So of all the normal upfront costs of purchasing a home, all that is left is closing costs charged by the lender. Much of closing costs are paying for services the lender has provided in regards to originating the loan, but other things such as the appraisal are also included. For origination, lenders are only allowed to charge a maximum of 1% of the loan amount. Combined with the other charges that aren’t considered origination, you’re probably looking at 1.5 – 2% of the loan amount in these closing costs. Considering that your down payment (if you were making one) would probably be at least 5%, which would be $10,000 on a $200k home, plus the $4,300 from the Funding Fee on that home, plus the 2% of closing costs ($4,000 on a $200k home), you could be looking at an upfront cost of $18,300, so even if the only thing you’re stuck with is closing costs, a $4,000 tab is much better than an $18,300 tab.


You can, however, also have that $4,000 taken care of in some instances. The VA loan program allows the seller to pay the borrower’s closing costs up to a certain point. Especially if you’re buying without a real estate agent, most sellers will be willing to pay up to 2% of the loan amount in closing costs for you as part of the deal, and it’s not usually too difficult to convince the lender to do so. Obviously, this depends on the market and the home you’re buying (if the seller has three other offers on the house then they may not be as motivated to help you buy it), but it’s often very possible.


No Money Down on a VA Refinance

Obviously, the same ability to roll the Funding Fee into the loan applies to refinances, and no down payment is required on refinances period, the only question that remains is how to address the remaining closing costs. The way to do a VA refinance with no money down is by using the VA’s streamline refinance option, called the Interest Rate Reduction Refinance Loan, or IRRRL. This streamline refinance option is what allows you to do a no-money-down refinance. The VA allows IRRRL borrowers to roll every penny of closing costs into the loan amount along with the Funding Fee (which is actually quite small on the IRRRL compared with a new purchase or a normal refinance). This means that you don’t need to rely on anyone else’s generosity in order to do your refinance with no money down. The VA makes this option possible to help out borrowers that need to refinance their homes but don’t have a whole lot of cash saved up.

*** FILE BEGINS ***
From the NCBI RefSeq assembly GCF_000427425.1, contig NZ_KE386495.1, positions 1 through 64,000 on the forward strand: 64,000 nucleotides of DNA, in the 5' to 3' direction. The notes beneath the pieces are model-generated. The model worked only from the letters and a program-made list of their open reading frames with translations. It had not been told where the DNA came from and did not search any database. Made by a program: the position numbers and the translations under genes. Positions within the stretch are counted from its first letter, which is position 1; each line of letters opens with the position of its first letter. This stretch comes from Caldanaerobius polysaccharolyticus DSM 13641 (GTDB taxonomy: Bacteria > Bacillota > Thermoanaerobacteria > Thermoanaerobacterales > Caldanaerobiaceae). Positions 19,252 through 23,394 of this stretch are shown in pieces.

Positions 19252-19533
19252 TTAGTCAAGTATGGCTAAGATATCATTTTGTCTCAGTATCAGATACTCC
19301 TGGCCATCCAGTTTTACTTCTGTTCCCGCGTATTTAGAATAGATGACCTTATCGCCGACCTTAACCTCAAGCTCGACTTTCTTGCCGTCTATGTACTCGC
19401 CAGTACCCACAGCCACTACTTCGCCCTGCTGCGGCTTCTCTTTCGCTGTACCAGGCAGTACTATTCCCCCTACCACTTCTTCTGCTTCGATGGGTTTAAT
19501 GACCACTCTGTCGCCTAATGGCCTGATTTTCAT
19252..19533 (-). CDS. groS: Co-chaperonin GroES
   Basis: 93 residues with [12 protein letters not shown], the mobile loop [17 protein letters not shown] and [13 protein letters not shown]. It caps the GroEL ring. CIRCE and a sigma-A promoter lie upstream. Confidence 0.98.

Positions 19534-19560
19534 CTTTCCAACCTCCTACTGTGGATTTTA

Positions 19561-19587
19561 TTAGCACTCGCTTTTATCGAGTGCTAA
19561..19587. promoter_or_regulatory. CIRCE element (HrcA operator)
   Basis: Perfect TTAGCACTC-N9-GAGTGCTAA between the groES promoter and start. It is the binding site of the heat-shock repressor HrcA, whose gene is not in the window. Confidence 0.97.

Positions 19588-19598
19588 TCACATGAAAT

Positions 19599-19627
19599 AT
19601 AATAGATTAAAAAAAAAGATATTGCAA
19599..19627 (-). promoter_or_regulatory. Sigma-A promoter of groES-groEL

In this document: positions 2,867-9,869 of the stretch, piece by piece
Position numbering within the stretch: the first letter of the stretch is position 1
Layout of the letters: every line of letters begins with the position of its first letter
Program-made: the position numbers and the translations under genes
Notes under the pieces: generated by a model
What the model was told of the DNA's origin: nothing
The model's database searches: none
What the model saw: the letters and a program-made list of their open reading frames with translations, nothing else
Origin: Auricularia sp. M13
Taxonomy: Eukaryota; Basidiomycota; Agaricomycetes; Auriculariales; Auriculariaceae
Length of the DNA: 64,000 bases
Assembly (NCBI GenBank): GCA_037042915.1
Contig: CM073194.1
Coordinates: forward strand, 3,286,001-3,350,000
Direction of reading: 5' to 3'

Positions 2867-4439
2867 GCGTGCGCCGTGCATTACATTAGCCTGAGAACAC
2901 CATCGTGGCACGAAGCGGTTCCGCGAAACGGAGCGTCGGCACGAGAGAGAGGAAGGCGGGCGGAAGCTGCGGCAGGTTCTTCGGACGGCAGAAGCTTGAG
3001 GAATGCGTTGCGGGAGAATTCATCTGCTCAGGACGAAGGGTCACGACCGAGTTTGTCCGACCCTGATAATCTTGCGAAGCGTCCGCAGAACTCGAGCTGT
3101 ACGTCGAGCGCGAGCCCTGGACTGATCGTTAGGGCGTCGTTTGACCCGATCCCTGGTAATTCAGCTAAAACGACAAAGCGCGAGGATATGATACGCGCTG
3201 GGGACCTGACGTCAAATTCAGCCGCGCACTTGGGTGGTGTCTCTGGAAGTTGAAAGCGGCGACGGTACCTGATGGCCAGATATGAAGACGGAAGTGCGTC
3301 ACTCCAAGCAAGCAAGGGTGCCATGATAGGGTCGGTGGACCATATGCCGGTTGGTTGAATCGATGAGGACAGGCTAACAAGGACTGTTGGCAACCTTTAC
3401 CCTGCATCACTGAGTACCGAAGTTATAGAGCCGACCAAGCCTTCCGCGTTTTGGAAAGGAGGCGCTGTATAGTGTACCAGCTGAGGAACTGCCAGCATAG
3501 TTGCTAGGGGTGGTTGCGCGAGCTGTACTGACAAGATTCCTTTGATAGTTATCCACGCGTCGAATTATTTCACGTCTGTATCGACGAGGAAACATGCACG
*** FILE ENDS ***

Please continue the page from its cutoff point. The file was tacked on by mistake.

What Homes are Eligible with the VA Program

What Home Types Can Be Purchased With a VA Loan?

Once you find out about the VA’s special loan program for purchasing homes, often the next question that comes to mind is how Which Home to Chooselimited you are when choosing the home you would like to purchase. While there are some limitations in place, for the most part, any house that you’d want to live in will be eligible for a VA loan. In this article, we’re going to talk about the eligible home types and the considerations that go with each type. We’re going to talk about existing homes, new homes, condos, and manufactured homes. Each situation is slightly different, so we’ll try to give you a good idea of what to expect in each situation.


Houses – Proposed, New, and Existing

Houses fall into three main categories, all based on the status of their construction: proposed construction (or under construction), new construction, and existing construction. A proposed or under construction is a property which is not completed when the loan is made. A new construction is a home that is completed when the loan is made but has not had its first occupant yet. An existing construction is a home that has had at least one occupant previous to the person getting the loan to buy it. A proposed/under construction home is eligible as long as it has been inspected appropriately by either the VA or HUD during construction. A new construction is covered if it is either covered by a one-year VA builder’s warranty, enrolled in a HUD-accepted ten-year insured protection plan, or built by a veteran, as the general contractor, for his/her own occupancy. An existing property is eligible for a VA loan as long as it meets the VA’s Minimum Property Requirements, which all properties must also meet.


VA Approved Condos and Community Developments

Condos are not as straightforward as houses. Each condo project needs to first be approved by the VA before any condos within the project can be eligible for a VA loan. Why? Because condos vary a lot in what the owner of a condo must agree to in order to purchase the condo. Many projects put limitations on the owner’s ability to sell the condo or other title limitations, and this presents a concern with one of the VA’s Minimum Property Requirements, which is that there are no restrictions on the title beyond the basic ones needed to obtain a home loan. A condo project may already be on the approved list, or you may need to submit the condo project’s documents to the VA for them to approve them. If the project is not approved, then no condos within that project will be eligible for a VA loan. The same is true with HOAs and other Planned-Unit Developments though those do not need to be approved beforehand; title and restriction issues will be discovered during the appraisal process. There are plenty of VA approved condos on the market so if you are looking to purchase a VA approved condo, click here for a good place to search VA approved condos that are available.


Manufactured Homes